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The dissonance of music and motherhood

clarinetShortly after blogging about Rachel Power’s important book The Divided Heart: Art and Motherhood, I came across a personal essay by Diana Cassar-Uhl that poignantly illustrates the pain of a “divided heart” that so many artist mothers experience. When you’re devoting time to your children, you’re alienated from your creative work. When you’re devoting time to your art, you’re alienated from your children. When your art is your profession and you’ve spent a lifetime becoming an artist, this dichotomy can be intense — as Diana expresses so beautifully in her essay, which appears below.

This essay originally appeared in ICView, the magazine of Ithaca College, and won second place in the magazine’s 2009 arts and literary contest. Reprinted with permission. (Many thanks to the author and ICView.)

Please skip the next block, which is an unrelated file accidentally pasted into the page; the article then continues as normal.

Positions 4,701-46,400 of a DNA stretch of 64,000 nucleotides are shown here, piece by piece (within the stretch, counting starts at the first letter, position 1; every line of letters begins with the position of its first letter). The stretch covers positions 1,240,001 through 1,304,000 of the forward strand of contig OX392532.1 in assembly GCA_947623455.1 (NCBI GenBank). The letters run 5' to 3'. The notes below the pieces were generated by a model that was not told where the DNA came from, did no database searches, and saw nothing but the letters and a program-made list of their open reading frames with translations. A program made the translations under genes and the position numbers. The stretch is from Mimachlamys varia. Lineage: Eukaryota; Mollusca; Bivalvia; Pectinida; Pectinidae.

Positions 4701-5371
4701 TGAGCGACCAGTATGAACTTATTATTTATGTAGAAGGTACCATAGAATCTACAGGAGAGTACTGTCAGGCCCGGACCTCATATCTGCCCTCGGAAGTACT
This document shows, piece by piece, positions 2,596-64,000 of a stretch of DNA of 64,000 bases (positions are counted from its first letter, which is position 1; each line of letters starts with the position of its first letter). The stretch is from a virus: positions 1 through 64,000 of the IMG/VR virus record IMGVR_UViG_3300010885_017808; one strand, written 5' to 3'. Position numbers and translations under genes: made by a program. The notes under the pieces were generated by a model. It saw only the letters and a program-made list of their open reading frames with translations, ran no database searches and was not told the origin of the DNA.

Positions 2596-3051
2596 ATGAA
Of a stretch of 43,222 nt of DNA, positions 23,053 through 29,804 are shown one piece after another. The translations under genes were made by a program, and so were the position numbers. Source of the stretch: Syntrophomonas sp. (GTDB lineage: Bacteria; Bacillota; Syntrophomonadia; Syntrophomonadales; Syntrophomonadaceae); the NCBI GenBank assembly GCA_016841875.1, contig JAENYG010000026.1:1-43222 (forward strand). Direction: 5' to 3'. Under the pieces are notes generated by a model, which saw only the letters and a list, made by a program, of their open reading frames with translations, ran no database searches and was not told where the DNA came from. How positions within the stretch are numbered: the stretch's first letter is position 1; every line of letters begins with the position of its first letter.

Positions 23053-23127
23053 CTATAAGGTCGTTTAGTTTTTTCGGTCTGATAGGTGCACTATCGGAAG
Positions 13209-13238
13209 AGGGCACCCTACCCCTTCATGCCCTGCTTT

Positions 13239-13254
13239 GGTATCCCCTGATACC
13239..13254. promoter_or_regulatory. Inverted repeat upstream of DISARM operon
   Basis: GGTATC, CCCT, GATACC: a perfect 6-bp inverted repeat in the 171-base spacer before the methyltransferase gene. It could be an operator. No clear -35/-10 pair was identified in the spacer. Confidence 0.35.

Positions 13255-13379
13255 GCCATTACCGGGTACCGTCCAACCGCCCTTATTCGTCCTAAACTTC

Conflict of Interest
By Diana Cassar-Uhl

I’m contemplating ending my career as a clarinetist. It’s a choice I never expected to face. I thought I’d stay at my job until retirement. Music chose me. I know I could never have pursued anything else without feeling paralyzing regret.

I’m not sure how I got here. One might assume that giving birth to my first child was the turning point that ripped me from my commitment to music, but I experienced a career-defining performance when Anna was not yet eight months old.

About two years ago, at what might have been my last solo recital, another musician was amazed that I, a mother of two young children, could give a recital. I wanted to tell her that I wasn’t balancing my career with motherhood the way it seemed I was, that I was losing my mind and felt completely out of control.